There are resources out there for parents to help stop bullying

Her daughter and another child were being bullied. So, she organized with other parents and planned community meetings for parents and students to talk about what was happening. She organized meetings for the public to raise awareness and talked with the school board about steps to take to prevent bullying.

Jacqui Knight, of Moore, Okla., is a mom who got involved when her child was being bullied.

“We just had to say, enough is enough,” Knight said.

About one-third of children experience bullying each year, according to the White House, and it can lead to academic failure, absence from school, drug and alcohol abuse, health problems and even suicide. Now, after a recent string of suicides related to bullying, there are numerous private, nonprofit and federal commitments to stop bullying.

At the White House’s first Conference on Bullying Prevention on March 10, President Barack Obama and the first lady called on other parents to follow in Knight’s footsteps, because parents are responsible for knowing what is going on in their kids’ lives.

“We don’t always know, because they don’t always tell us every little detail,” said first lady Michelle Obama. “We need to get involved in their schools and in their activities so that we know what they’re up to, both in and out of school. And when something is wrong, we need to speak up, and we need to take action.”

This is especially important because now, “bullying doesn’t even end at the school bell – it can follow our children from the hallways to their cell phones to their computer screens,” said President Barack Obama.

“You can be bullied at school, at home, on the way home,” said Justin Patchin, co-director of the Cyberbullying Research Center. “Those who are bullied at school are bullied online, and those who bully at school, bully online.”

But, while parents can’t necessarily go to school with their children, they can use the same technology as them.

“If your child is on Facebook, you need to be on Facebook,” Patchin said.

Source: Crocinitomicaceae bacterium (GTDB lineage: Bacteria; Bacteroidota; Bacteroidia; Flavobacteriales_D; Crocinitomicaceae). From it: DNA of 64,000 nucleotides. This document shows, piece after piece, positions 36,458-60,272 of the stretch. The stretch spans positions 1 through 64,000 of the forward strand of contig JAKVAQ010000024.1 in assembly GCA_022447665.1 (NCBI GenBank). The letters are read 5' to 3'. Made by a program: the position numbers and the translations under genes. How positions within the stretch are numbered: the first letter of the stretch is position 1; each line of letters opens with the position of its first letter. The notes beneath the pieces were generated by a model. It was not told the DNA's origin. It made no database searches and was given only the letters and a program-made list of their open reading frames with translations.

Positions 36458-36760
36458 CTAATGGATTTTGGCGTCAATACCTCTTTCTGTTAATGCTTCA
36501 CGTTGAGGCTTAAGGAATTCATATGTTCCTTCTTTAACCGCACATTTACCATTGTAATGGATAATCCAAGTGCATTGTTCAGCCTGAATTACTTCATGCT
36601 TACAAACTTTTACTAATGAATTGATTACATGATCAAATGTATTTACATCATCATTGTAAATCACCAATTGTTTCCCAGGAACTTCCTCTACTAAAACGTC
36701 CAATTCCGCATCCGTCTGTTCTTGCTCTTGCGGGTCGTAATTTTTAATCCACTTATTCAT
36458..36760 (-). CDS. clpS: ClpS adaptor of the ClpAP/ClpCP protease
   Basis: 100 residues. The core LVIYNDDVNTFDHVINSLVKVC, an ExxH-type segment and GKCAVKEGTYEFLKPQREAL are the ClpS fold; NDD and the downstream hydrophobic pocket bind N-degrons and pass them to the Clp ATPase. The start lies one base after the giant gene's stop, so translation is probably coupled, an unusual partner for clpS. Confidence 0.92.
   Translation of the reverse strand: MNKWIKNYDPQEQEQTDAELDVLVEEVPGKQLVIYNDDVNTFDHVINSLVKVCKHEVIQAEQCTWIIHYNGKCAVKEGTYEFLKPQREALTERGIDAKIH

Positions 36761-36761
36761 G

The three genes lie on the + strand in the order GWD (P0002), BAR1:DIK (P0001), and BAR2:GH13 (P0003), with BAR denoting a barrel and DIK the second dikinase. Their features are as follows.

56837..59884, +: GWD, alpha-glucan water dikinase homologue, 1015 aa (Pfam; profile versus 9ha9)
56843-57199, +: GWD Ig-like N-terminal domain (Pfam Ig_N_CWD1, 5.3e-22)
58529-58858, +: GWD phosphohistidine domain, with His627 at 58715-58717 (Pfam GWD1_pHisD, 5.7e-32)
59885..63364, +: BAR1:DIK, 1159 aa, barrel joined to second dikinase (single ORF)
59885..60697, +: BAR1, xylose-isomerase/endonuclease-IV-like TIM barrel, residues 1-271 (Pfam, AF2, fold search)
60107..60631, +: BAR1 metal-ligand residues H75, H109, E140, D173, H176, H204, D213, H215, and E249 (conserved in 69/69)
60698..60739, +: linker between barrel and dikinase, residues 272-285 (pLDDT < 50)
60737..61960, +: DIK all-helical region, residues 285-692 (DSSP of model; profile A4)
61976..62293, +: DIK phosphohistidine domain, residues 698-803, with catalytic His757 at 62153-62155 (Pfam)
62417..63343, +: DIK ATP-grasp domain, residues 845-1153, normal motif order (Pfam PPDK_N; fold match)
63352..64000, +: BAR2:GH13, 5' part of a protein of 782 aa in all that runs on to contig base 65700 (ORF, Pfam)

To help prevent bullying, Facebook will launch a new “social reporting” system in the next few weeks that will let people report content that violates Facebook policies and notify parents and teachers about it, so they can address why it was posted.

However, that does not mean that cyberbullying is easier to detect.

Less than 15 percent of those who experience cyberbullying report it, many times because they don’t want their technology taken away or don’t want anyone to get in trouble, Patchin said. “They just want the bullying to stop.”

There are times when parents can actually play a role in bullying, particularly with LGBT individuals, if they don’t support their sexual orientation, said some participants during a discussion group at the conference.

Now, many groups are launching initiatives to help stop bullying and giving resources to parents to help prevent it.

The National PTA is starting a campaign called “Connect for Respect.” The goal is to have PTAs nationwide hold a “Connect for Respect” event in their community to share resources with parents about bullying. Tip sheets will be issued with information for parents about how to talk to their child about bullying and know if their child is a bully.

The PTA will also re-launch to consolidate these resources.

The federal government is also taking steps, and launched, a site with information for parents, kids and educators about bullying.

Bullying is not “just a harmless rite of passage,” Obama said. “Bullying can have destructive consequences for our young people,” he said. “And it’s not something we have to accept.”

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